Williamson: Government ‘looking at’ how to get more schools into multi-academy trusts

multi-academy trusts

The government wants to see “far more schools” in multi-academy trusts by 2025, and is “actively looking at how we can make that happen”, the education secretary has said.

Gavin Williamson told the Foundation for Education Development summit this morning that partnerships between schools were “fundamental”, especially in the wake of the Covid-19 pandemic.

By 2025, we want to see far more schools residing in strong families than we do today, and we’re actively looking at how we can make that happen

MATs have for several years now been the government’s preferred vehicle for school improvement, and they have sought to encourage more academies to be part of larger organisations.

This effort has taken the form of growth funding for MATs, and moves to rebroker struggling academies into larger groups.

Last year, the national schools commissioner Dominic Herrington said MATs should use their “considerable” capacity and resources to help vulnerable schools recover from the pandemic.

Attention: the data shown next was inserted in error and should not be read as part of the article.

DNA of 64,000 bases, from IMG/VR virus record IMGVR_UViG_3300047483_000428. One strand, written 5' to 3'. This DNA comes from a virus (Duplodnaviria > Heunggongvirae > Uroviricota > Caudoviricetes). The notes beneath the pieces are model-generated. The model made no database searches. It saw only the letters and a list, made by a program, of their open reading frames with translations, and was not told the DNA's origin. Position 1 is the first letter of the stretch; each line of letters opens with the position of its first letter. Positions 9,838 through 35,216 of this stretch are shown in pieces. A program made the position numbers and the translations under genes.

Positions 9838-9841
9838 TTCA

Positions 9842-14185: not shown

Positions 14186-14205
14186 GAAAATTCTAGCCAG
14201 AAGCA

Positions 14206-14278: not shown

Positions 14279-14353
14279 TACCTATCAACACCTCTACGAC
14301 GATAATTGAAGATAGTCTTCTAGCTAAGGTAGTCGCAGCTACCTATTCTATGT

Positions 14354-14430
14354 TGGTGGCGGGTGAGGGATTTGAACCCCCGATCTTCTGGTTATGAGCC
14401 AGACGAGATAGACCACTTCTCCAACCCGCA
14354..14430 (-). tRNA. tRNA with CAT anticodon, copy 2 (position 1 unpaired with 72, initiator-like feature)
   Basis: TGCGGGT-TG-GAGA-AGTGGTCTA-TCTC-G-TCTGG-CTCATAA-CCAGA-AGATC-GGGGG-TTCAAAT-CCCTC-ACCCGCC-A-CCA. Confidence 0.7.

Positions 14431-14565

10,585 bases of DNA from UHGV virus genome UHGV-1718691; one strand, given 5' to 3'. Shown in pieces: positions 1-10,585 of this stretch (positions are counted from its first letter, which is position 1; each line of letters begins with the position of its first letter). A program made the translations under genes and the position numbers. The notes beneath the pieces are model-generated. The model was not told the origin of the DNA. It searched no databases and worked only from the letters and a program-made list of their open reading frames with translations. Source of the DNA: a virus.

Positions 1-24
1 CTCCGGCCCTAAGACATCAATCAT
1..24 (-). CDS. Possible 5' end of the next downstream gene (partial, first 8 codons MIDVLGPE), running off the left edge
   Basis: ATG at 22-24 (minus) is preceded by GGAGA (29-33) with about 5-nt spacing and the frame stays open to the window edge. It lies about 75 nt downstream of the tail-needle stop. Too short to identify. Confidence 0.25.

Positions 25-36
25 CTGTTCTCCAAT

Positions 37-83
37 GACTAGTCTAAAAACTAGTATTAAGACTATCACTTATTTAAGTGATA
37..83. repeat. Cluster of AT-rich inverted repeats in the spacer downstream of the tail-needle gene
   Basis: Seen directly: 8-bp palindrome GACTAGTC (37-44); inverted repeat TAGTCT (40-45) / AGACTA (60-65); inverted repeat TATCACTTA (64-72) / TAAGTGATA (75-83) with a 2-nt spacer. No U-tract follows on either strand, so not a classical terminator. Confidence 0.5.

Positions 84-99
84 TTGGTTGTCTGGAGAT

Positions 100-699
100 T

This morning, Williamson told the summit that schools “benefit from being in a strong family. In other words, a multi-academy trust”.

“Multi-academy trusts are powerful vehicles for improving schools by sharing expertise, working collaboratively and driving improvements. It is living proof of the old adage, a problem shared is a problem halved.

“This is something we want to see more of, because it shows time and again how the multi-academy trust model consistently improves outcomes for pupils.

“By 2025, we want to see far more schools residing in strong families than we do today, and we’re actively looking at how we can make that happen.”

Schools must be ‘disciplined’ when pupils return

Williamson also spoke of the importance of good behaviour and discipline as pupils return to school after a year of disruption. All schools are due to reopen next week.

“We’ve all been through a tremendously disruptive time, and none more so than children. Even with the very best support from parents, children will need to get used once more to sitting in class, learning together, the routine of the school day,” he said.

“And of course for many children who have less support, the challenges will be greater. That is why the government will be backing teachers in ensuring children return to a disciplined, safe and orderly environment.”

He also said that “evidence-based, traditional teacher-led lessons with children seated facing the expert at the front of the class are powerful tools for enabling a structured learning environment where everyone flourishes”.

“But whatever method a school uses, consistency is the foundation of everything,” he added.

The government has often made clear its preference for strict behaviour policies, and Williamson today said that we “need to stop thinking that good behaviour is something that just happens”.